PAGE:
Negotiating the Subtle Encounters: An Experimental Opera is an artwork by the contemporary visual artist Anawana Haloba drawing from African philosophy and operatic traditions as vehicles of a non-hierarchical comparative method to interrogate rootedness and empathy. The supposition that opera is strictly a European praxis is to be challenged at every opportunity. Haloba’a opera is created and composed borrowing from operatic conventions, knowledges and sensibilities outside the European tradition, mainly from Southern Africa, such as Chiyabilo/Kuyabila and Budima from Zambia. Haloba’s opera is a deconstruction of decoloniality, grounded in the Ubuntu philosophy of encounter, she writes: ‘we identify based on history, and history has a colonial past, which all human beings share either through the heritage of the colonised or the coloniser or by associations of ethnicity. Since we equally share a DNA of trauma, to fully accept responsibility for the shared trauma is the start of dialogue.’
You are scared because you see me in your reflection
Inconspicuous me, like a god I prey on you
I live in the unconscious you try so hard to suppress
I sit so silently in your history
To erase me would mean your demise
Denying means you are not wholly civilised
I tell you, my friend, see me
See me, see me, don’t just look damn it!
See me, see me, see… me!
Verily verily, I say at you.
To see is your only way to
No, Say no such things.
My ancestors have long stirred the history canon.
My history easily referenced to and read about
Even you have read and known it.
Her incandescent experimental libretto and composition is an extension of Haloba’s doctoral research and teaching practice, in which she brings a comparative approach to the writings of two thinkers Frantz Fanon and Bjørnstjerne Bjørnson. The similarities between these two thinkers’ articulation of women’s or the oppressed/minority’s role in the process of nation-building – despite their noticeable cultural, time and historical differences – open up new possibilities for intercultural dialogues about feminism in postcolonial and contemporary society. Both thinkers engaged in playwriting, which led Haloba to search the operatic form.
Haloba’s artistic practice has long been symbiotically linked to and through exercises in drafting poetry in the form of fragments and sketches, which the artist abstracts to performative installations often involving moving image and sound. The multiplicity of collected experiences of the musicians, theatre artists, and singers (each from different backgrounds but who live in Norway) invites encounter. In some scenes, characters shift genders. The final music composition was scored by the artist, after a collaboration with a percussionist, who translated particular musical references and sonic imaginaries of the artist.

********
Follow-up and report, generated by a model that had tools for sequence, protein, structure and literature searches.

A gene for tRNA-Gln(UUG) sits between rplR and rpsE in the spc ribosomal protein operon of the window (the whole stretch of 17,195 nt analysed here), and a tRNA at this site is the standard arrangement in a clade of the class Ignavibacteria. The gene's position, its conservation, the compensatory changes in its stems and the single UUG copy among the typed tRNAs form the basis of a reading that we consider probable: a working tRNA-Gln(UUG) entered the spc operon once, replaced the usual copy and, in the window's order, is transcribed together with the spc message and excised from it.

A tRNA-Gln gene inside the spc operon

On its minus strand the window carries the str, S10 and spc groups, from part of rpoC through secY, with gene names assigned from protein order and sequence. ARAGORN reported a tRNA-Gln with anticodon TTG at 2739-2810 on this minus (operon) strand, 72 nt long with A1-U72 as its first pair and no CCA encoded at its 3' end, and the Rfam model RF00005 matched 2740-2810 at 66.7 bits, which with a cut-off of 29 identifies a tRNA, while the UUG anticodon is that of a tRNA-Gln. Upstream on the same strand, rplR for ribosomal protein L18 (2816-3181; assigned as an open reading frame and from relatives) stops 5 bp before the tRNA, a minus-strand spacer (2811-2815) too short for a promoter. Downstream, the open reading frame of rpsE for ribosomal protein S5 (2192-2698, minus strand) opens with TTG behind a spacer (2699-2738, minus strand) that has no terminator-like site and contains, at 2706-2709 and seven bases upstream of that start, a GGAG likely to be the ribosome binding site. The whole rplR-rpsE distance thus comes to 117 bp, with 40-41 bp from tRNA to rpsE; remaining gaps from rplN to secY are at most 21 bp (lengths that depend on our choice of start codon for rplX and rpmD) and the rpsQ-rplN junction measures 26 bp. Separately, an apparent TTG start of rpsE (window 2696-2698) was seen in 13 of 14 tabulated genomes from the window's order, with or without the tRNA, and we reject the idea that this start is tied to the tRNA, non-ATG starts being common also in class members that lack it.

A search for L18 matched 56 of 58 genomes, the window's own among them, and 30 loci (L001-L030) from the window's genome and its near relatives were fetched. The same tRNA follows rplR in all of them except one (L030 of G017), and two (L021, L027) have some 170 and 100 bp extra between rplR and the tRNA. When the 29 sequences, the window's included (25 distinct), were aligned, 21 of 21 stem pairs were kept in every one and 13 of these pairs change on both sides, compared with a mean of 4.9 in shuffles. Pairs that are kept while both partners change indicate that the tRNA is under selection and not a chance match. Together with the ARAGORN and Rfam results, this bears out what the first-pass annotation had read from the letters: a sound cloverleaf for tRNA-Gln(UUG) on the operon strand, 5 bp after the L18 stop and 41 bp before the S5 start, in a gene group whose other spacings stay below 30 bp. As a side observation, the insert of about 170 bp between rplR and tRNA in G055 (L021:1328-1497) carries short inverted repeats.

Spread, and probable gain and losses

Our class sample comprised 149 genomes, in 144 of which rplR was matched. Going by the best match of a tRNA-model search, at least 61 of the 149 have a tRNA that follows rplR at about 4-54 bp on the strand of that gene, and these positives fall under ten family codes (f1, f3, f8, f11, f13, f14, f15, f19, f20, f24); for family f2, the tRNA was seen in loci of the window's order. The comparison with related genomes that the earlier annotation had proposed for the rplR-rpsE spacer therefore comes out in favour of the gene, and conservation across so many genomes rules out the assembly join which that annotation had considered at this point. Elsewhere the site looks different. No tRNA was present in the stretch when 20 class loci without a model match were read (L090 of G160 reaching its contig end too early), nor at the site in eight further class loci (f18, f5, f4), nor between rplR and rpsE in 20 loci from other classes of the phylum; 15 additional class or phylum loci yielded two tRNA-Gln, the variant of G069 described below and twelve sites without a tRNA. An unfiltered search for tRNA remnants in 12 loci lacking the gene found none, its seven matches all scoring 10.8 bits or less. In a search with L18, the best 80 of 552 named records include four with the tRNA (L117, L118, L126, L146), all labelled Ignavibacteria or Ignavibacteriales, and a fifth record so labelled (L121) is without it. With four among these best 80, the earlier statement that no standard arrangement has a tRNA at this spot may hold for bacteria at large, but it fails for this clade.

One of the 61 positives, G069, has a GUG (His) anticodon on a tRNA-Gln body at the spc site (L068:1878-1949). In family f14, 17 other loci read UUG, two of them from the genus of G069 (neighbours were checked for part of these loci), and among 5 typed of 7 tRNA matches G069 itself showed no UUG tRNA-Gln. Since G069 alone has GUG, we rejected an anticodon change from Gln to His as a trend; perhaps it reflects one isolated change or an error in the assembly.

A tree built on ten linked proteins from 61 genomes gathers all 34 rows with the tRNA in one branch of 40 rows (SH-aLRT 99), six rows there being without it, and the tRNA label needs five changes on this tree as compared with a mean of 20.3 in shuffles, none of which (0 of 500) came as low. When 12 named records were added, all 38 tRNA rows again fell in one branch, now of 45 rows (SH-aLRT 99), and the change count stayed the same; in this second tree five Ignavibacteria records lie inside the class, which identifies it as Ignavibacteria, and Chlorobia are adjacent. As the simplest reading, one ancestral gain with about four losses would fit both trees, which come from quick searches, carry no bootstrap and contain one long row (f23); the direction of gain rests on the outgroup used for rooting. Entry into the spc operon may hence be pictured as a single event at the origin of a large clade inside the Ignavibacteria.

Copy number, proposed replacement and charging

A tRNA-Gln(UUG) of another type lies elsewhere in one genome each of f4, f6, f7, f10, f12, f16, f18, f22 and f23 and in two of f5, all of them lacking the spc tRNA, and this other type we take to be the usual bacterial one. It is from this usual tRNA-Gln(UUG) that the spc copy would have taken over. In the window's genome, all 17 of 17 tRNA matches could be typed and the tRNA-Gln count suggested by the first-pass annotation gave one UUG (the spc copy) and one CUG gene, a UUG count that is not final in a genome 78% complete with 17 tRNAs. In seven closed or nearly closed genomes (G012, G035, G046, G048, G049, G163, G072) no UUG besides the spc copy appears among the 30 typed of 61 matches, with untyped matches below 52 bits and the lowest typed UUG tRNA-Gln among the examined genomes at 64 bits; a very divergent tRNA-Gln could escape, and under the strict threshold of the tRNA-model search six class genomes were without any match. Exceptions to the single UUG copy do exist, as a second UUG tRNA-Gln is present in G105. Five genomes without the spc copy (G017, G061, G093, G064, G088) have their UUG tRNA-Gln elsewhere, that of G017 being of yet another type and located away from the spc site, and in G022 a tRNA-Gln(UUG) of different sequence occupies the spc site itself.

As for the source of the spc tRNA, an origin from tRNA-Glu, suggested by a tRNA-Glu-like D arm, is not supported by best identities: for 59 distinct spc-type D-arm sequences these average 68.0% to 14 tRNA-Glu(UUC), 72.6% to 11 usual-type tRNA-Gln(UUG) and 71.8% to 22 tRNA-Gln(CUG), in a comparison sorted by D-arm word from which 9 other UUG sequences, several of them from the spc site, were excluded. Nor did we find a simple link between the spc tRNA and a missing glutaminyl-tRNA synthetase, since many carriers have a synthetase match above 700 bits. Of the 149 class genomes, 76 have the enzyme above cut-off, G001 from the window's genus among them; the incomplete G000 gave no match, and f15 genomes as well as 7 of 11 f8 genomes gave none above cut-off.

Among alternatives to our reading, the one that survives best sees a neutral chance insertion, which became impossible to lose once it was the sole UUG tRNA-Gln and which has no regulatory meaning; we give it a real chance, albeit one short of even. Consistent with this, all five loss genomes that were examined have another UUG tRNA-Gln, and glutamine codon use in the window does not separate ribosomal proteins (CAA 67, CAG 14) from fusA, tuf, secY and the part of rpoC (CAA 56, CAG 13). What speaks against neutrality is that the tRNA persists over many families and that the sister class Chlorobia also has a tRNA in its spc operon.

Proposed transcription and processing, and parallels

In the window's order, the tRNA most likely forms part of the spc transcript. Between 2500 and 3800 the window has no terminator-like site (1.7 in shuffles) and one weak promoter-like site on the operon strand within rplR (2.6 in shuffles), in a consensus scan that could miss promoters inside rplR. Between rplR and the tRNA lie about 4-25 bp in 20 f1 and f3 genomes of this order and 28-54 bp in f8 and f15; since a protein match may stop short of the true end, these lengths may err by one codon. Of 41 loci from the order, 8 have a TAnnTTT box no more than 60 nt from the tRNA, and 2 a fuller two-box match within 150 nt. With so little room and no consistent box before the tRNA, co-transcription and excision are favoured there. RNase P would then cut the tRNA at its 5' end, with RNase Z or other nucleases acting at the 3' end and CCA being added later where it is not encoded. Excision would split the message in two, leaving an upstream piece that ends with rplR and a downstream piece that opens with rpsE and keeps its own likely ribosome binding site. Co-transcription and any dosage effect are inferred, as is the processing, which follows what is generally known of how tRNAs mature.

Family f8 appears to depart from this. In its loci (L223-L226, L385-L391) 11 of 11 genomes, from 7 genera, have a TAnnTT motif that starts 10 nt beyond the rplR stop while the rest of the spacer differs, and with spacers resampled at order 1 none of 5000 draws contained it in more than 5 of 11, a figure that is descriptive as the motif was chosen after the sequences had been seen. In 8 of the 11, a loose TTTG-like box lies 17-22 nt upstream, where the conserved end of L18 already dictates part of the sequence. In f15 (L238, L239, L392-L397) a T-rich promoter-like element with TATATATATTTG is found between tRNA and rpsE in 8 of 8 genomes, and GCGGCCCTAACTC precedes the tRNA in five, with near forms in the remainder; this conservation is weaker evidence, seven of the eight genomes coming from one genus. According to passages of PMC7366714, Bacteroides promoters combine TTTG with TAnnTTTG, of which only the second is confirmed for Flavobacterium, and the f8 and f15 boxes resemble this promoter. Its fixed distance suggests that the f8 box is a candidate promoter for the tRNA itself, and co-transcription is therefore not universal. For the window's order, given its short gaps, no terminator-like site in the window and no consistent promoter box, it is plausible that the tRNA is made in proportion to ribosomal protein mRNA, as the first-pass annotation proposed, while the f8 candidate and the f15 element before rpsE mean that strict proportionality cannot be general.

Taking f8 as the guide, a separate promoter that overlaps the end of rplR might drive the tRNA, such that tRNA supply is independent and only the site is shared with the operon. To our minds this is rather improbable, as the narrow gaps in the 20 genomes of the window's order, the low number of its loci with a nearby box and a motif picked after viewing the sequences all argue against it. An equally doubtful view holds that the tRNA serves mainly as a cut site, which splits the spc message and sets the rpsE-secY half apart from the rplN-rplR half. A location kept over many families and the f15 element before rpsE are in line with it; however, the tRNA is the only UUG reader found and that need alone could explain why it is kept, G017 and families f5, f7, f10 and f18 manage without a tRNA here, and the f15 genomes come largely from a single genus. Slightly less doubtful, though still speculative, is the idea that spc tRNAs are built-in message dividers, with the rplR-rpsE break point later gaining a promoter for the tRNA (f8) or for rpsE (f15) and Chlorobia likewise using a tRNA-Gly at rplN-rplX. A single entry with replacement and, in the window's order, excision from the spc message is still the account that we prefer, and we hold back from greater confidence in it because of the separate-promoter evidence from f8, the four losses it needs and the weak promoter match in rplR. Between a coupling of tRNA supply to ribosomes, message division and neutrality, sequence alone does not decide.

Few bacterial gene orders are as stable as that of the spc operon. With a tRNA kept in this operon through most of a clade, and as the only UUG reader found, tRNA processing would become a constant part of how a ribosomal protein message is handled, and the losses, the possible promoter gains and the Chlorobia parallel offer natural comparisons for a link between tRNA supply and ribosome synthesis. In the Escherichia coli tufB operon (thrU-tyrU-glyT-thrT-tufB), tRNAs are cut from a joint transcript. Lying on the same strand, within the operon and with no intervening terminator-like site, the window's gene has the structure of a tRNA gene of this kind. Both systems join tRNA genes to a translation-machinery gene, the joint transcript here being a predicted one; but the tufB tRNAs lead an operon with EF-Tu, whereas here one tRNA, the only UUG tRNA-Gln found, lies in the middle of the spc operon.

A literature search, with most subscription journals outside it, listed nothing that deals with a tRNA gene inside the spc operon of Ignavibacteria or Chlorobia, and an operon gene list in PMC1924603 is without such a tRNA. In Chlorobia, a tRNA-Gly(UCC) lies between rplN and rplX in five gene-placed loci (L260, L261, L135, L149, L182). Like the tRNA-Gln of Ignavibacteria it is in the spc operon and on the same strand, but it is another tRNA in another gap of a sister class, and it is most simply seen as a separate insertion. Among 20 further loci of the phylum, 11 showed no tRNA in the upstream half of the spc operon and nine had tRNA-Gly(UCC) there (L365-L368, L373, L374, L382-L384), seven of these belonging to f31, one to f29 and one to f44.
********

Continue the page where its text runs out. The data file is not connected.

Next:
The work is a dialogue among non-gendered characters who transverse geographies, cultures, and societies, composed for these times. It engages with questions of environmental racism, the rise of nationalism in the western world, and immigrants’ plight. It evokes empathy by stirring the memory of trauma and a Norwegian history of seeking refuge, in order to rethink ideas of otherness and the seeking of refuge in the present. Haloba writes: ‘I imagine my project as a critical ‘time machine’ that continuously switches and conflates the two thinkers, their ideas and their historical, political, racial and cultural contexts, in an exhumed imaginary of sound and spoken-words.’
Anawana Haloba b. 1978, Livingstone, Zambia. Lives and works in Oslo and Livingstone. She is educated at the Evelyn Hone College of Applied Arts in Lusaka, Zambia. Haloba completed her BA at the National Academy of Arts in Oslo in 2006, a graduate of the Rijksakademie van Beeldende Kunsten in Amsterdam, the Netherlands and an alumnus of the Smithsonian Artist Research Fellowship in Washington DC. Haloba’s work has featured in both solo and group exhibitions, including, Centre Pompidou, Paris, France; Oslo Kunstforening, Norway: GAMeC, Bergamo, Italy; SKMU Sørlandets Kunstmuseum, Kristiansand, Norway; National Museum of African Arts Smithsonian Institute, Washington DC, USA; the Rauma Biennale, Finland; ZKM Museum of Contemporary Art, Karlsruhe Germany; Museum Berardo Collection, Lisbon, Portugal; la Biennale di Venezia, 2009; Sydney Biennale 2008; Manifesta 7, Bolzano; the Sharjah Biennial 8th, 11th and 14th editions in Sharjah, as well as the biennales in Sao Paulo, 2016; Shanghai, 2016; Lyon, 2017; and the Bucharest Biennale, 2021.